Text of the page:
(MENAFN - Khaleej Times) Corporate leaders in the Middle East and Western Europe are the most confident about short-term global economic prospects in line with signs of improving conditions, according to a key gauge that compiles the views of hundreds of leading executives from across the world
CEOs in the Middle East, 69 per cent, are also the most confident of short term revenue growth, up from 53 per cent last year. They are followed by those in Asia Pacific at 45 per cent, up from 36 per cent last year. Across the globe, some 39 per cent of CEOs say they are 'very confident' of revenue growth prospects for their own companies over the next 12 months. That is up from 36 per cent last year
While 49 per cent of CEOs from the Middle East who took part in PricewaterhouseCoopers' 17th Annual Global CEO Survey sounded upbeat about the short term global prospects, 50 per cent of corporate heads from Western Europe concurred.
On the short term global prospects, corporate leaders in the Middle East and Western Europe are followed by those in Asia Pacific (45 per cent), Latin America (41 per cent), North America (41 per cent) and Africa (40 per cent). CEOs in Central and Eastern Europe show the lowest level of confidence at 26 per cent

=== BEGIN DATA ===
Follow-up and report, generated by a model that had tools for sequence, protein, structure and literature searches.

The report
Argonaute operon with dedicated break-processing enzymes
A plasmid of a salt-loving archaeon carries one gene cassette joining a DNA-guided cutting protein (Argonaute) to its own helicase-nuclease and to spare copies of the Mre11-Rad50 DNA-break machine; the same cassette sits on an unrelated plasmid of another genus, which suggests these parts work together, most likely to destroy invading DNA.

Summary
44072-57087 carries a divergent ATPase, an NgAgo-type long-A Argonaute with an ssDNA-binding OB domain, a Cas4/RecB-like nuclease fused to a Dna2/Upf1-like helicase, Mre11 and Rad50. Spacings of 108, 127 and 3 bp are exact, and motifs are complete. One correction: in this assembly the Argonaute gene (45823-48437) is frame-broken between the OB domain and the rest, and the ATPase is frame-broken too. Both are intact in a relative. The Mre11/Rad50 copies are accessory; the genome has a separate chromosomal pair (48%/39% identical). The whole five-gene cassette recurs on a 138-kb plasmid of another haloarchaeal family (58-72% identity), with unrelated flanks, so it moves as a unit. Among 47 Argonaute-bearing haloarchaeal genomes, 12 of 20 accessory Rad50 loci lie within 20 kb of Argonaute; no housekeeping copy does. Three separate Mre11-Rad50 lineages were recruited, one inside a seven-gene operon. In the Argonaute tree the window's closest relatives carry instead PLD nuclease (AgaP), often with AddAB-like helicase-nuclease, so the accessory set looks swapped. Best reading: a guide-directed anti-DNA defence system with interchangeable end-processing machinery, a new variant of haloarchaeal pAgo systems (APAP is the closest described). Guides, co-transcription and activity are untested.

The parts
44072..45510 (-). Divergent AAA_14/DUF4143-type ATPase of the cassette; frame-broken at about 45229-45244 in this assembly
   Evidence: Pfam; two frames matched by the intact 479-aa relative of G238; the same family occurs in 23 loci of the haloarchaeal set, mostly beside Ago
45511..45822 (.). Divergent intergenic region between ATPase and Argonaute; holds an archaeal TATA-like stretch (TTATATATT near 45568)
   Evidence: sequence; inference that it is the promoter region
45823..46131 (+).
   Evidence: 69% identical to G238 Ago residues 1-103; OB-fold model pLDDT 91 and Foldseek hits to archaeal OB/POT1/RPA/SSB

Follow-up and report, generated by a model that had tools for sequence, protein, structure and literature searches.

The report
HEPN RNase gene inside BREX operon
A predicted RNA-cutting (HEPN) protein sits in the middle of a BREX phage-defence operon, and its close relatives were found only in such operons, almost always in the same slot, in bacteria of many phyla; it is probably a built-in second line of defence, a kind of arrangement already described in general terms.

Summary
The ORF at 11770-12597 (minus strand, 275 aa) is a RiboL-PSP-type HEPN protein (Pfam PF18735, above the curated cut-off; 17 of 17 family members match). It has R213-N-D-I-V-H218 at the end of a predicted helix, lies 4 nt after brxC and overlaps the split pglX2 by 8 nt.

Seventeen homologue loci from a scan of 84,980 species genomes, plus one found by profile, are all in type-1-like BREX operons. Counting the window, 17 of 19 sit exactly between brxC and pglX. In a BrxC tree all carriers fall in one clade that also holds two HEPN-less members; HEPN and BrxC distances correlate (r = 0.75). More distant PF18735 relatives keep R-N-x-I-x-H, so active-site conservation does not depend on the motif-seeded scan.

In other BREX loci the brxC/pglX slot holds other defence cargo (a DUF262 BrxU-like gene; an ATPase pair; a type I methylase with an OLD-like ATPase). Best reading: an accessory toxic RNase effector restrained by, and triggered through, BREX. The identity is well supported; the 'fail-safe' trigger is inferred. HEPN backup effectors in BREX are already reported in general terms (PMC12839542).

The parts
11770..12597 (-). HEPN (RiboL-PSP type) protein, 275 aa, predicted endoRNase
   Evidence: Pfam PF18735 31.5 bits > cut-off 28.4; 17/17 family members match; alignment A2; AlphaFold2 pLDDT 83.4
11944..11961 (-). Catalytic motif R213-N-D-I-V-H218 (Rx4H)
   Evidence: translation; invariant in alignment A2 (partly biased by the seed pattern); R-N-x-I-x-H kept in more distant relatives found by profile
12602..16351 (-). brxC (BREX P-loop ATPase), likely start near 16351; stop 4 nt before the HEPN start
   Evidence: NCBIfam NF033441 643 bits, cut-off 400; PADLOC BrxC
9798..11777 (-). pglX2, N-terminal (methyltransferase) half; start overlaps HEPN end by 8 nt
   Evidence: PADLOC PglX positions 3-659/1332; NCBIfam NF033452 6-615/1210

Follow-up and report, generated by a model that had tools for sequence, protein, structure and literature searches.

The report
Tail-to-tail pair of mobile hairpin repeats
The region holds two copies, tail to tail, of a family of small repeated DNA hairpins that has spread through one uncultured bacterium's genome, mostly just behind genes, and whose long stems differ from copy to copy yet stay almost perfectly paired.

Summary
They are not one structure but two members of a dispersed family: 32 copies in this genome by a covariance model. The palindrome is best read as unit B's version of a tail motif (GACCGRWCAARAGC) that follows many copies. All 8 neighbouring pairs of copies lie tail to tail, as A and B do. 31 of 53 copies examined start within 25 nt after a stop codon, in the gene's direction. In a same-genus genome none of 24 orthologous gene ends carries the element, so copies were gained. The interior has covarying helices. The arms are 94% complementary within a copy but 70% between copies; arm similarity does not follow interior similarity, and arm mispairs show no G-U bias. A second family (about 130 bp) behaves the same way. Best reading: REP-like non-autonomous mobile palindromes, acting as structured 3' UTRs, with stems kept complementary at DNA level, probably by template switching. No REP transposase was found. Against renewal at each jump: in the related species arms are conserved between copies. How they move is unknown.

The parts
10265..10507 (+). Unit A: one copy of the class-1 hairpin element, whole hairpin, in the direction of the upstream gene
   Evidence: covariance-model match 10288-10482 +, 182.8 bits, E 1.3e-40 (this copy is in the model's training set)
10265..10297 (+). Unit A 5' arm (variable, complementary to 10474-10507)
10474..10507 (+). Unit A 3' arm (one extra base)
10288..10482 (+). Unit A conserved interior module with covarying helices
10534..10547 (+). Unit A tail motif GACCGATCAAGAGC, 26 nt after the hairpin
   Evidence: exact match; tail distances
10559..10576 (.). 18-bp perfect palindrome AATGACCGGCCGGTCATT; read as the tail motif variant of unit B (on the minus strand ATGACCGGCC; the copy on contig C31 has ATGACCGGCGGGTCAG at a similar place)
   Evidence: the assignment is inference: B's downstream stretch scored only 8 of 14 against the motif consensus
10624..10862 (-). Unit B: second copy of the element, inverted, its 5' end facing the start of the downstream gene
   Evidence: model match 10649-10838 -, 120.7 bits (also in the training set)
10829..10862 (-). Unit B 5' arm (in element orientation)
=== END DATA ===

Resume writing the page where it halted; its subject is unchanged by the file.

Globally, corporate leaders felt much more bullish about the global economy's short-term prospects than they did a year ago, according to a gauge that canvasses the views of hundreds of leading executives in dozens of countries
The Global CEO Survey, released at Davos ahead of the annual meeting of the World Economic Forum kicked off on Wednesday, reveals that 44 per cent of corporate bosses around the world now expect to see an improvement in the world economy over the next 12 months compared to only 18 per cent in last year's survey
Howwever, only seven per cent of corporate leaders think the global economy will become unstuck in 2014 compared to 28 per cent in 2013
By industry, CEOs in the hospitality and leisure sector are most confident about prospects for the next 12 months (46 per cent), followed by those in banking and capital markets (45 per cent), retail (44 per cent), financial services (44 per cent), asset management (44 per cent) and communications (44 per cent)